The statute on motor vehicles regulates house trailers as motor vehicles. A vehicle is defined as 'Every device in, upon, or by which any person or property is or may be...

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27 practice notes
  • Green v. State, No. 2--1072A72
    • United States
    • Indiana Court of Appeals of Indiana
    • 27 Diciembre 1973
    ...but additional independent evidence is necessary to show it was intentionally set afire in violation of the law. Simmons v. State (1955), 234 Ind. 489, 129 N.E.2d 'In other words, the independent evidence must be of such a character that reasonable inferences may be drawn to support a concl......
  • Brown v. State, No. 29661
    • United States
    • Indiana Supreme Court of Indiana
    • 17 Diciembre 1958
    ...but additional independent evidence is necessary to show it was intentionally set afire in violation of the law. Simmons v. State, 1955, 234 Ind. 489, 129 N.E.2d In other words, the independent evidence must be of such a character that reasonable inferences may be drawn to support a conclus......
  • State v. Parker, No. 632A83
    • United States
    • North Carolina United States State Supreme Court of North Carolina
    • 10 Diciembre 1985
    ...2 Utah 2d 371, 372, 275 P.2d 173, 173 (1954) (requiring "clear and convincing" independent evidence of corpus delicti ); Simmons v. State, 234 Ind. 489, 493, 129 N.E.2d 121, 122 (1955) (corpus delicti must be established by "clear proof" independent of 3 It should be noted that in this case......
  • Fox v. State, No. 2-376A109
    • United States
    • 30 Enero 1979
    ...to the dwelling, which are continually used for the carrying on of domestic employment . . . ." 6 Accord, Simmons v. State (1955), 234 Ind. 489 at 502, 129 N.E.2d 121 at 127, where Justice Bobbitt, concurring, stated, "The clear intent of the legislature as evidenced by (the predecessor to ......
  • Request a trial to view additional results
27 cases
  • Green v. State, No. 2--1072A72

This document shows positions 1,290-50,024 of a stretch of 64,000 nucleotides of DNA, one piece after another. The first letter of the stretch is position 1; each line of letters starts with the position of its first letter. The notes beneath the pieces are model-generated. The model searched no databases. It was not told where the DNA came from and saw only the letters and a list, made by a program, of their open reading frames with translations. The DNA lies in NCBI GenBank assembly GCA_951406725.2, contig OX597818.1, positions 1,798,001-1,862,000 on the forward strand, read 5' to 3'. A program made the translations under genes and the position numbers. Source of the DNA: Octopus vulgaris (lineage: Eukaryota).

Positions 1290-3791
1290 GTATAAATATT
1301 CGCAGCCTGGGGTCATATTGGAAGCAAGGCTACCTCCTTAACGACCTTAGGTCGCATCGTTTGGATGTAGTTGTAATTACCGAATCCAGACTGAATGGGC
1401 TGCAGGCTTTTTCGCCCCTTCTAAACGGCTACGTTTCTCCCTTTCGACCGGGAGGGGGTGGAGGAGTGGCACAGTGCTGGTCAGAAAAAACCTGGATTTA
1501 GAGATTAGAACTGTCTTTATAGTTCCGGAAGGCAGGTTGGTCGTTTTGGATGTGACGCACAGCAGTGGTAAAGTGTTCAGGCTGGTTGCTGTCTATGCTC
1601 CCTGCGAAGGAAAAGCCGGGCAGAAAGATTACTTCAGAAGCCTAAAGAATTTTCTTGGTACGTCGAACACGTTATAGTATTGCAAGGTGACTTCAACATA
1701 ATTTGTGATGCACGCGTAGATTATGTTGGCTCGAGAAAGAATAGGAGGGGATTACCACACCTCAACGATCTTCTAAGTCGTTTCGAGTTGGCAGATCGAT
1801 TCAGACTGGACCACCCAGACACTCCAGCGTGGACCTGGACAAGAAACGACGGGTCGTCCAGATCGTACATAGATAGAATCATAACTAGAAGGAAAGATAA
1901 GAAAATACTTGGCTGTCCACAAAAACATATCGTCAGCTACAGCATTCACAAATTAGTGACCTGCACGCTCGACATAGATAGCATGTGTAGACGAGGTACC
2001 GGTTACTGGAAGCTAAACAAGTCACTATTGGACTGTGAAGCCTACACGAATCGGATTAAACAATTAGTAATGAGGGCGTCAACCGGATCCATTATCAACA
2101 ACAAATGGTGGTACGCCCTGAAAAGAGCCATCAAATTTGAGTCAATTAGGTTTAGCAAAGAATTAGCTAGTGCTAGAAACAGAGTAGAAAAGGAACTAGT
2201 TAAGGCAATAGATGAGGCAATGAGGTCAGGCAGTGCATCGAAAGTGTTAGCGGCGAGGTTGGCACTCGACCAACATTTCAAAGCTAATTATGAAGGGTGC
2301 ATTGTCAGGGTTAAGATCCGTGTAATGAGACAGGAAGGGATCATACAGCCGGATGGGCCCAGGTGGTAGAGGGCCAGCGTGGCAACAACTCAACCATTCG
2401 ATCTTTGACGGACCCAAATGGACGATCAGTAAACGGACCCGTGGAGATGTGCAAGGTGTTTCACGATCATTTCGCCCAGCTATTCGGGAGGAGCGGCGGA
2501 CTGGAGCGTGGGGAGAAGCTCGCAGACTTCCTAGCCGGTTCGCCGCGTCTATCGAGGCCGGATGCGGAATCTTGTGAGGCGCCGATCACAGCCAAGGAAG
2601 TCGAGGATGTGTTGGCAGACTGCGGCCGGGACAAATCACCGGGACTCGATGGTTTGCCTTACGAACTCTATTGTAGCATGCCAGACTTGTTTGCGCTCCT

• United States
    • Indiana Court of Appeals of Indiana
    • 27 Diciembre 1973
    ...but additional independent evidence is necessary to show it was intentionally set afire in violation of the law. Simmons v. State (1955), 234 Ind. 489, 129 N.E.2d 'In other words, the independent evidence must be of such a character that reasonable inferences may be drawn to support a concl......
  • Brown v. State, No. 29661
    • United States
    • Indiana Supreme Court of Indiana
    • 17 Diciembre 1958
    ...but additional independent evidence is necessary to show it was intentionally set afire in violation of the law. Simmons v. State, 1955, 234 Ind. 489, 129 N.E.2d In other words, the independent evidence must be of such a character that reasonable inferences may be drawn to support a conclus......
  • State v. Parker, No. 632A83
    • United States
    • North Carolina United States State Supreme Court of North Carolina
    • 10 Diciembre 1985
    ...2 Utah 2d 371, 372, 275 P.2d 173, 173 (1954) (requiring "clear and convincing" independent evidence of corpus delicti ); Simmons v. State, 234 Ind. 489, 493, 129 N.E.2d 121, 122 (1955) (corpus delicti must be established by "clear proof" independent of 3 It should be noted that in this case......
  • Fox v. State, No. 2-376A109
    • United States
    • 30 Enero 1979
    ...to the dwelling, which are continually used for the carrying on of domestic employment . . . ." 6 Accord, Simmons v. State (1955), 234 Ind. 489 at 502, 129 N.E.2d 121 at 127, where Justice Bobbitt, concurring, stated, "The clear intent of the legislature as evidenced by (the predecessor to ......
  • Request a trial to view additional results